Second, the strategic ambiguity will lead to nuclear program proliferation throughout region... and later into North and Central Africa... this is much more than an Iran issue- the world will not accept any new weapons program of that nature. Period.

Anonymous said...

Anon 1:04:

Here the consensus view of 16 American intelligence agencies in '07 that is continued in the '11 reports:

"Judge with high confidence that in fall 2003,
Tehran halted its nuclear weapons program. Judge
with high confidence that the halt lasted at least
several years. (DOE and the NIC have moderate
confidence that the halt to those activities
represents a halt to Iran's entire nuclear weapons
program.) Assess with moderate confidence
Tehran had not restarted its nuclear weapons
program as of mid-2007, but we do not know
whether it currently intends to develop nuclear
weapons. Judge with high confidence that the halt
was directed primarily in response to increasing
international scrutiny and pressure resulting from
exposure of Iran’s previously undeclared nuclear
work. Assess with moderate-to-high confidence
that Tehran at a minimum is keeping open the
option to develop nuclear weapons."

We Americans possess the best means of surveillance in the world. If Iran had a nuclear weapons program or diverted nuclear material, we would no of it. But there's no evidence of that.

And by the way, those questionable claims being perpetuated by the IAEA in the form of "outstanding issues", most are nearly ten years old and not current.

Anonymous said...

re Anon 3:47 PM

Due to inability of moving anything substantively forward, default mode is prevailing NIE, and as you noted suggests essentially - no smoking gun

I am being repetitive but it is worth noting, this is exactly the cornerstone upon which a plausibly deniable operation is built,.,, if attacked, and no incriminating evidence is recovered (for ex. no WMD Iraq) then attacker suffers on world stage.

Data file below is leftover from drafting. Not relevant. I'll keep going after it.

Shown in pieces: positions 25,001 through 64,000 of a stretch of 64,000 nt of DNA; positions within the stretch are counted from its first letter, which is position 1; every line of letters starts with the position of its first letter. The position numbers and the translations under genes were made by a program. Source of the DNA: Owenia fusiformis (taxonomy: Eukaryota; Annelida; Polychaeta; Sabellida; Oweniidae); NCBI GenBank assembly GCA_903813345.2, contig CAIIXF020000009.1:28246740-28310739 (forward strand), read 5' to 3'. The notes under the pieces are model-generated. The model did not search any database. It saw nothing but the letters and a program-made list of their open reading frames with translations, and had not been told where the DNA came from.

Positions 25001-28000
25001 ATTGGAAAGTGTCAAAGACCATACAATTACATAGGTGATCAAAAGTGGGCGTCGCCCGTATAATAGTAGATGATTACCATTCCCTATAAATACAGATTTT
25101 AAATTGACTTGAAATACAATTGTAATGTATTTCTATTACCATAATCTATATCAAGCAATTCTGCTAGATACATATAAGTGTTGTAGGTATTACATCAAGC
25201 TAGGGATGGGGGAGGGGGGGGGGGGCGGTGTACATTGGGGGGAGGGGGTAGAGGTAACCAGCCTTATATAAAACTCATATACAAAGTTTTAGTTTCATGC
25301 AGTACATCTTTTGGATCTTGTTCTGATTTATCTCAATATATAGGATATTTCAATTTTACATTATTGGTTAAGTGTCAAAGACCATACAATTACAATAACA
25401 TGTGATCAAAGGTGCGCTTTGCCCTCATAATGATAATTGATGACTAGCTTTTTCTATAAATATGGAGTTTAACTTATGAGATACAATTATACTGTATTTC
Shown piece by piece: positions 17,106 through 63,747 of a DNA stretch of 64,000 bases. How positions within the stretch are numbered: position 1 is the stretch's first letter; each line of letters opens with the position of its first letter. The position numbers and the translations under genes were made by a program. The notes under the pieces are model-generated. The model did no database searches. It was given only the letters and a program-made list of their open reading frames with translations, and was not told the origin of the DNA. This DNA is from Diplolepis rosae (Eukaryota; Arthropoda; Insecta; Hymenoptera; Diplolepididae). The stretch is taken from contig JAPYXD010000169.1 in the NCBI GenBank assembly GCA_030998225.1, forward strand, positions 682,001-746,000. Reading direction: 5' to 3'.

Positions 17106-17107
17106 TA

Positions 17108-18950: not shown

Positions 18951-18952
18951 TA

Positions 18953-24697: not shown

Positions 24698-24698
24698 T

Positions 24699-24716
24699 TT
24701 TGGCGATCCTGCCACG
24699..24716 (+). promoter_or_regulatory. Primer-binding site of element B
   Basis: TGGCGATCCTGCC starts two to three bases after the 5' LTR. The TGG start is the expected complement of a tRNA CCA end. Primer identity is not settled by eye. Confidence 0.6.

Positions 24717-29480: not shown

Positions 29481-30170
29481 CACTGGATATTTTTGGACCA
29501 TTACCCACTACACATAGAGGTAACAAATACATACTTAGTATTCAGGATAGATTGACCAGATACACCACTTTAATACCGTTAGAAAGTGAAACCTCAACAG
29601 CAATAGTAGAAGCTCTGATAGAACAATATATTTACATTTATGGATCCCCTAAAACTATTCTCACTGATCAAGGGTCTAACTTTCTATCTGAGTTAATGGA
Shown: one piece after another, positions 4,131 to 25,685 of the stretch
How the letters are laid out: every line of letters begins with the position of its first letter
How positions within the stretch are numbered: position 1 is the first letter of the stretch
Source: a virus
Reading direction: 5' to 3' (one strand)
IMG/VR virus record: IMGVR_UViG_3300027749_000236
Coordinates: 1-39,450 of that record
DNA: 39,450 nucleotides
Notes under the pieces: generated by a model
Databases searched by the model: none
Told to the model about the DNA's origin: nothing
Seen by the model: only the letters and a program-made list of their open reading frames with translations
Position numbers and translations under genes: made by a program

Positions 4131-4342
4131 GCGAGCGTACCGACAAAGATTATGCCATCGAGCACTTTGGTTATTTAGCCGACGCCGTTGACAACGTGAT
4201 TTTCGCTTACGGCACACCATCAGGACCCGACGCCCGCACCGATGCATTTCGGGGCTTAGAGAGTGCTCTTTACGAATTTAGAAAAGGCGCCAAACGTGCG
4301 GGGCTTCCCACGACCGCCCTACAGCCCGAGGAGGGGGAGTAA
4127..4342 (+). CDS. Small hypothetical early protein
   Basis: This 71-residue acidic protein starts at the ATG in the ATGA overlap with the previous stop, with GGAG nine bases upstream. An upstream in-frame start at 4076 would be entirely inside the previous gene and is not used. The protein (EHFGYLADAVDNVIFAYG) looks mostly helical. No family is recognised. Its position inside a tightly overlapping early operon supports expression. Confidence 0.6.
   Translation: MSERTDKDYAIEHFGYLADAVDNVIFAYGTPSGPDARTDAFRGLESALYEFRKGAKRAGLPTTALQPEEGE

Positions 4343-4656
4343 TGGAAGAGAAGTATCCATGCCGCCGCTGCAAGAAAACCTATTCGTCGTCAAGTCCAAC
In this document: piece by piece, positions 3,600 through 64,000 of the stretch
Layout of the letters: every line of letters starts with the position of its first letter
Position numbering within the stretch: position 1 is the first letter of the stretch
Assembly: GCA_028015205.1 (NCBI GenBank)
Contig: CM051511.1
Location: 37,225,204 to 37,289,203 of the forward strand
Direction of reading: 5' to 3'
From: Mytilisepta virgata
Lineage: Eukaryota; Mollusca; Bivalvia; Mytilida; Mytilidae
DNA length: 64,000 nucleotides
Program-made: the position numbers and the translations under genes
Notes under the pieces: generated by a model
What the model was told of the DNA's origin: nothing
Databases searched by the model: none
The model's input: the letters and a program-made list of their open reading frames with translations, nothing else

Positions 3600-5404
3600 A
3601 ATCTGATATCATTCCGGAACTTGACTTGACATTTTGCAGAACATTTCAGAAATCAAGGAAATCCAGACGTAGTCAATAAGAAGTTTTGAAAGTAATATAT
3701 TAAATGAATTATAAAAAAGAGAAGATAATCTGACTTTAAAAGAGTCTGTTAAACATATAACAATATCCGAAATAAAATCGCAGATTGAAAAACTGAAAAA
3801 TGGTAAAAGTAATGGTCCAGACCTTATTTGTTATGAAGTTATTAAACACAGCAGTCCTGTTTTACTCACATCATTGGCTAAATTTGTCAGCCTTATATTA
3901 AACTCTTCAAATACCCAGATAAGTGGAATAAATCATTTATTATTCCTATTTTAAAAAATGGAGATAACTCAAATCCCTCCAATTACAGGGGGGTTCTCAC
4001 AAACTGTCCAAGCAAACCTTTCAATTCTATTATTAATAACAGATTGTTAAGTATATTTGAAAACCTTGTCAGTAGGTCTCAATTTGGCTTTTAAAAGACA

By pushing dual track to the edge, or as one diplomat stated: "being one screwdriver away from assembly" the "deniable" cover functions... and given that "certain elements" shot the wad on Iraq, the public mindshare is now biased toward requiring an abundance of proof. Again this play to Tehran...

I get it, and there is much more that is need to know... I am not "in Israel's corner" per se but rather see (or imagine) larger implications from allowing Tehran to win this... other major players are involved and operations/goals of a profound nature.

At present however, I remain with the "assumption" that [this] primarily is framed as Israel's move... the "distancing" and pre event clarification of policy via media supports this narrative... you go, and we'll be nearby... but we're NOT going to be at the head of the stack when the door is blown down.

attack on Iran said...

There were major differences between IAEA and Iran. However, the same day that IAEA report came out, there was an article in the NY Times saying that US intelligence agencies felt that Iran had not yet decided to go for a bomb and in fact had not restarted a missile program from 2003 necessary to carry a weapon. Odd this US view came out on the same day as IAEA report - I think its not a coincidence.

Anonymous said...

re 1:19 AM

NY Times looking like project Mockingbird ver 2.0 psyop.

a "this was not our idea" from govt must be convincing.

... there is much more at work here.